There is a wide range of services that provide communication accessibility to individuals with hearing loss in the USA in various areas of their lives:
Please ask deaf/hoh for their communication needs before providing them professional services for events, education, employment. Not all services are one size fit for everyone or every event. Not all deaf/hoh people use sign language or can lipread everything. A volunteer with limited signing or typing skills is NOT qualified to assist a deaf/hoh person at a formal event.
It is advised to ask deaf/hoh people first if they have preferred vendors that they could refer you to before you do a search on your own because some of them may be comfortable working with certain providers.
It is very important to use a professional interpreter or transcriber to provide good quality communication access. A cheap service provider is not necessarily good and may cause communication breakdown. Some professionals may volunteer their skills, but they are not to be taken advantage of for free services all time. Professionally trained service providers work to earn a living, just like foreign language interpreters or any working professional.
Please don’t tell deaf and hard of hearing people to bring someone to assist them. Event organizers and media owners are responsible to make sure that information is fully accessible to them on an equal footing with others.
American Disability Act does not allow event organizers “to charge an additional fee or “surcharge” to disabled persons to cover the costs of auxiliary aids or barrier removal.”
Businesses can deduct their taxes for providing accessibility.
Communication Access Real Time (CART)
It is similiar to court reporting, but used primarily for individuals with hearing loss. Mirabai Knight explains the difference between court reporting and CART writing. CART is used for many settings, including but not limited to: classes, work meetings, workshops, public events, conferences, theaters, plays.
It is best to hire CART writers who use steno machines, not speech recognition. Mirabai Knight explains the reasons in her article, Voice Captioning Versus CART.
A qualified CART writer needs to be able to type at the minimum 225 wpm speed with at least 98% accuracy.
Also, CART is not same as Typewell and C-Print. CART is verbatim and conveys each word that a speaker says. Typewell and C-Print are NOT captioning services – they are meaning for meaning translation (like sign language interpreting) and electronic notetaking services. It may benefit some people who don’t sign and have a hard time following verbatim captioning.
- NCRA – List of qualified CART writers and court reporters located in the USA and worldwide.
There are different kinds of “visual language” interpreters for deaf and hard of hearing people that relay messages by revoicing, signing, and/or cueing:
- Sign language interpreters: Those services are used primarily for people who are fluent in sign language. They do not benefit the majority of people with hearing loss who do not sign.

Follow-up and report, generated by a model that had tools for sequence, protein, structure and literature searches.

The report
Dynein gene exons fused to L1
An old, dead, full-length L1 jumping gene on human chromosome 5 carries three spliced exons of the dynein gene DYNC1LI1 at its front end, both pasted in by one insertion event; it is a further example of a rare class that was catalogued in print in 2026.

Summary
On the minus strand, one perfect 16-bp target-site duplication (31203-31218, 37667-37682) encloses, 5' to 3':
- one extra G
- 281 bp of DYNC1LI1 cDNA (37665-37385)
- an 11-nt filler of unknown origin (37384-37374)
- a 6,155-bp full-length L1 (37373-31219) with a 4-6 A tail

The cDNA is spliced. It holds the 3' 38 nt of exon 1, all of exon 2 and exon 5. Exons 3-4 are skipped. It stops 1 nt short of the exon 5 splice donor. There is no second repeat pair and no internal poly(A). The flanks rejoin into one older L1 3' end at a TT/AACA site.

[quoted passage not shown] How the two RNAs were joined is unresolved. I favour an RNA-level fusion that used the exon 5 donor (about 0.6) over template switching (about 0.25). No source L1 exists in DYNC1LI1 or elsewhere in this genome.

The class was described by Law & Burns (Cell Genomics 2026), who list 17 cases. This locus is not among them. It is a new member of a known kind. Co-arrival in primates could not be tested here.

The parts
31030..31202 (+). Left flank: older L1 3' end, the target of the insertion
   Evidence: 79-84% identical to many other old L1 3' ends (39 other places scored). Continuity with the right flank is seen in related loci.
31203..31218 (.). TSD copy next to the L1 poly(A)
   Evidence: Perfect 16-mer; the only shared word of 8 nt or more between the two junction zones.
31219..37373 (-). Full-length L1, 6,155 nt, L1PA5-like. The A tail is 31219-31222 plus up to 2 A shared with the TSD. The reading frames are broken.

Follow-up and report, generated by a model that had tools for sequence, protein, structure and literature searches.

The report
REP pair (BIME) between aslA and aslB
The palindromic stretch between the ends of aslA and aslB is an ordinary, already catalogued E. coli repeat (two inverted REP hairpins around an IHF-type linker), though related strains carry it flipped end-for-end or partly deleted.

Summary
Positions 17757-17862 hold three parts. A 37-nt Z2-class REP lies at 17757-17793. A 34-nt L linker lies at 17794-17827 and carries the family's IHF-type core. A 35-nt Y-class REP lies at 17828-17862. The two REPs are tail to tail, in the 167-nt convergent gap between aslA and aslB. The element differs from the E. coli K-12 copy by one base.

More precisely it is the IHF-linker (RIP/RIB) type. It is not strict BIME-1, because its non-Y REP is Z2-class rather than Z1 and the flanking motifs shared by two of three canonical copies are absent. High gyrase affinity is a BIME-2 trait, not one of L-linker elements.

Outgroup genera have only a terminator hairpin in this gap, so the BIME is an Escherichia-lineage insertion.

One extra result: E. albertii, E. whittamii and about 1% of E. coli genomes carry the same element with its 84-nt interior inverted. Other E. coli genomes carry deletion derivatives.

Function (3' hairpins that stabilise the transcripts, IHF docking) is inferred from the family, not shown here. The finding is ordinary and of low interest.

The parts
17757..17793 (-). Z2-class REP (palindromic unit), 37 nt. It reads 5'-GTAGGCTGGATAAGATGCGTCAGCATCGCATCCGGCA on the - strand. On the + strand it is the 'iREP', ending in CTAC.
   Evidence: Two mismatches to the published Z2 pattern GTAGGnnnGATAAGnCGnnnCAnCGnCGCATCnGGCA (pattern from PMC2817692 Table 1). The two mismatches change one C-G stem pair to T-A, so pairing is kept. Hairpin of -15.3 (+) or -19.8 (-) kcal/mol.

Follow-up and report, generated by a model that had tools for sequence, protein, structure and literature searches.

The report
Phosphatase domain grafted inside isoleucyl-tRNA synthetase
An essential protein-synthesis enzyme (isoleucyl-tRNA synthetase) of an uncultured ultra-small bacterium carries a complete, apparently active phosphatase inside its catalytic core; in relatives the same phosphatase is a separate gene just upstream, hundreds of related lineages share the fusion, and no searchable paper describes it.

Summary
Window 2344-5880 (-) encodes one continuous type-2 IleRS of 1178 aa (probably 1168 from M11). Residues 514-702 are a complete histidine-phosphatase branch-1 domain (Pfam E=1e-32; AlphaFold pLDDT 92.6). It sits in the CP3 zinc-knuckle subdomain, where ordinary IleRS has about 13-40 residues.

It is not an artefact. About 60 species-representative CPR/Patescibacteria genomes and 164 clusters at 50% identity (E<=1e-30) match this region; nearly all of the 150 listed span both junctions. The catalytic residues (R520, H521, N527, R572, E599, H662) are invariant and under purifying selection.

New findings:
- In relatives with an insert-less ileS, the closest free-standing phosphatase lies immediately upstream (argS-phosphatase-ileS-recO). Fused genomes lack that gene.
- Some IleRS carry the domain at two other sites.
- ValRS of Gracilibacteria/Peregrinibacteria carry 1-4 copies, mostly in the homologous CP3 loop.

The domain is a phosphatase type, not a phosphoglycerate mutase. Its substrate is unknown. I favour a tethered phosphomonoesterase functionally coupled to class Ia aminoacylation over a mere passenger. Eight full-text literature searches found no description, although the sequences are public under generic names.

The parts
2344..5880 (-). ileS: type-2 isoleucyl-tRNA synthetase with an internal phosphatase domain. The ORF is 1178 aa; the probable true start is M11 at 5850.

- Oral interpreters: It is usually used for oral deaf and hard of hearing people who have excellent lipreading skills. However, not all of them benefit well from those services and would prefer CART services.
- Cued speech transliterators: Used for deaf and hard of hearing cuers. Unfortunately, there’s a scarcity of qualified cued speech transliterators available for them. CART services are usually used if cued speech transliteration is not available.
To provide good quality communication access services, it is important to hire qualified interpreters that have both expressive and perceptive skills and a professional demeanor by following the RID’s strict code of ethics. Cheap and inexperienced interpreters may cause communication breakdown. Also, interpreters can only relay information, they do not impose their ideas or make decisions for their deaf and hard of hearing clients.
Used along with sign language/oral/cued speech interpreting services in educational settings because it is hard for a deaf person to write down notes while looking at an interpreter and/or trying to lipread a speaker at the same time. A notetaker is usually a hearing student volunteering their services to take notes for their fellow deaf/hard of hearing classmate and being paid a disability office at a college.
Text, Voice Carry Over, and Video Relay Services
They enable deaf and hard of hearing people to communicate with hearing people on phone. An operator voices out typed or signed messages from a deaf party to a hearing party and types or signs spoken messages from a hearing party to a deaf party.
There are different kinds of relay services that can be used on a TTY (it’s being outdated), any computer, or even mobile phones.
Due to the nature of relay services, there are some delays in conversations. Also, there are cases when hearing people hang up on us thinking it is a telemarketing call. For these reasons, many of us prefer emails, texting, or instant messaging.
Please be patient with relay calls and do not hang up on a deaf people before they have a chance to start the conversation – it is not a telemarketing call.
TV and Theater Captioning
Most of you probably have seen the CC option on many TV sets, DVDs, some online websites (like Hulu.com), and open captions/subtitles in movie theatres. In the USA, it is required by the law that all new TV sets to have a built-in closed captioning decoder. Some theaters also offer captioned movies and plays.